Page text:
Bronwyn Howell is a Visiting Fellow with AEI’s Center for Internet, Communications, and Technology Policy. Howell is a faculty member at the School of Management, Victoria University of Wellington, New Zealand. She is a board member and secretary to the board of the International Telecommunications Society. In recent years she has focused on competition and regulatory policy, and the evolution of industry interaction in the telecommunications and information communications technology markets.
could be transformed into a more effective regulatory body by replacing its current network-centric wireline and wireless silos with a function-based structure, with bureaux of economics, engineering, competition, and consumer protection. The first two would concentrate on analysis and the second two on monitoring and enforcement.
the first mail order catalogues.
the deadweight loss of Christmas” (and Hanukkah, Saturnalia, and any other festivities observed in late December and early January) — the costs to the economy of gifts given being valued less by the recipients than the price paid by the donor. Reflecting on the deadweight loss of Christmas inevitably leads (for a technology policy scholar) to considering the deadweight losses associated with government and municipal beneficence in gifting fiber broadband networks to constituents.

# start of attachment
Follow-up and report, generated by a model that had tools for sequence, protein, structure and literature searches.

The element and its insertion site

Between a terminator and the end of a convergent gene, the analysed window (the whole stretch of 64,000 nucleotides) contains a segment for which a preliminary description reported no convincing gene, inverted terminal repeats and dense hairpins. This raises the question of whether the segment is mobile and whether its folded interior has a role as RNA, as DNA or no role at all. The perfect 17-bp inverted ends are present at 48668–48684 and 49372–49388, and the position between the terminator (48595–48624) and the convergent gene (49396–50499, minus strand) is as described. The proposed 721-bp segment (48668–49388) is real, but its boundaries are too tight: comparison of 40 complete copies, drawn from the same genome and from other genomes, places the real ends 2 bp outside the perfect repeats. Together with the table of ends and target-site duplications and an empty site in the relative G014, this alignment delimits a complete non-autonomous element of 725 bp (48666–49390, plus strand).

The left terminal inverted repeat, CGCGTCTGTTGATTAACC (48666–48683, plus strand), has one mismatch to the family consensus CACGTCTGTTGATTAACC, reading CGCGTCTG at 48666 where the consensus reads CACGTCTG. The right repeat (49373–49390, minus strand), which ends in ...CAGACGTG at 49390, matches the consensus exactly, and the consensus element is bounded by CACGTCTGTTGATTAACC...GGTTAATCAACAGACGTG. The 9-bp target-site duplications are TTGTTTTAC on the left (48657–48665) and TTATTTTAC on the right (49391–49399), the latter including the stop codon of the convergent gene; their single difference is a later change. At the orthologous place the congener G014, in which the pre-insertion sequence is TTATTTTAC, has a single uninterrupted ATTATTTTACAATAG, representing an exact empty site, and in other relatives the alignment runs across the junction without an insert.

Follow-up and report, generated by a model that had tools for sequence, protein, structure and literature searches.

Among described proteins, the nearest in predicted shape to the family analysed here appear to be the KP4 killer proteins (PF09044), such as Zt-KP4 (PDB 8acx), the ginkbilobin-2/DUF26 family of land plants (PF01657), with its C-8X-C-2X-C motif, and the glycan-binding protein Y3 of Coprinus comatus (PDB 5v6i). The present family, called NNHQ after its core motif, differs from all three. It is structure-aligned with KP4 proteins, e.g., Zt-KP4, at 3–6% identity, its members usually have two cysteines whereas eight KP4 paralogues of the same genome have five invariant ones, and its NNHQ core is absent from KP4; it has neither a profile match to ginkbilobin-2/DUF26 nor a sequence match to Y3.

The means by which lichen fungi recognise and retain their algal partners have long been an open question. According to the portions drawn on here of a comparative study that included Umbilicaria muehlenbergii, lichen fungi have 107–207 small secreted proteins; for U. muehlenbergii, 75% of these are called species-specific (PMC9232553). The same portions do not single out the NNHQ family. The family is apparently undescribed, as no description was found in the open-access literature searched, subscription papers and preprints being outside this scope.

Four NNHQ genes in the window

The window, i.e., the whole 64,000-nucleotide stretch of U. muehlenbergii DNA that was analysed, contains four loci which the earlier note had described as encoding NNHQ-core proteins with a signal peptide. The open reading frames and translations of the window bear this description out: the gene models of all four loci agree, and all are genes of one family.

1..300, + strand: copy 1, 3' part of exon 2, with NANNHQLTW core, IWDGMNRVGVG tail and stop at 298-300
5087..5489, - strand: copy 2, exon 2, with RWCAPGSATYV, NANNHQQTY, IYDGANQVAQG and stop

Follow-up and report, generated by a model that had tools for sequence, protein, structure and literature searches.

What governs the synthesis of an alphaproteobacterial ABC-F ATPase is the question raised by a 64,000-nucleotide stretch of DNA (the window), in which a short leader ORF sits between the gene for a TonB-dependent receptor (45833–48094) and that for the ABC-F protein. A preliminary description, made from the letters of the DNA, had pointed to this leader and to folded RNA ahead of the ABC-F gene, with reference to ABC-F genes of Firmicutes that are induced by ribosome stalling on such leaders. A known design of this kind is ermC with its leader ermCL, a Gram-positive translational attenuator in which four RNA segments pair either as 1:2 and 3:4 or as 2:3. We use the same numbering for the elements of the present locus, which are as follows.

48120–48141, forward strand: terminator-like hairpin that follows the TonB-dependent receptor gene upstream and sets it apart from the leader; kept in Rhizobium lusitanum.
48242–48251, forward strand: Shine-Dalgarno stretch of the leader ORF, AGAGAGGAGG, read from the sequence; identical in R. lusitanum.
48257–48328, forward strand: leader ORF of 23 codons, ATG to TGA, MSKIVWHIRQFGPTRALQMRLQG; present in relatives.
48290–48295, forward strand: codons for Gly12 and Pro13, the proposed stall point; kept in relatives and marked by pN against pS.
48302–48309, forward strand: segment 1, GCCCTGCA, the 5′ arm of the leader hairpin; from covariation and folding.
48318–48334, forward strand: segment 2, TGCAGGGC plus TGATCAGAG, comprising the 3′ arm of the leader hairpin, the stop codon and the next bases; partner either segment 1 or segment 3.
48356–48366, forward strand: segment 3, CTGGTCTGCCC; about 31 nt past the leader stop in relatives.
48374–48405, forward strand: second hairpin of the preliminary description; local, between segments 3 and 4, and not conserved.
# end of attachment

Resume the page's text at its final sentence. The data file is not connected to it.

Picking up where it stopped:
September 2016 survey of 1000 New Zealand small and medium business enterprises (SMEs). In New Zealand, ‘small’ businesses have fewer than 20 employees, and ‘medium’ between 20 and 199 employees. It is somewhat sobering for policymakers and cloud-based service providers who believe that “cost-effective, reliable internet infrastructure is an absolute must for all businesses, wherever they may be, in order to keep up with new ways of attracting and servicing customers,” and view government subsidies for network deployment as imperative, that the New Zealand data appear to confirm that demand for fast fiber connections is as lacklustre amongst SMEs as it is amongst residential consumers.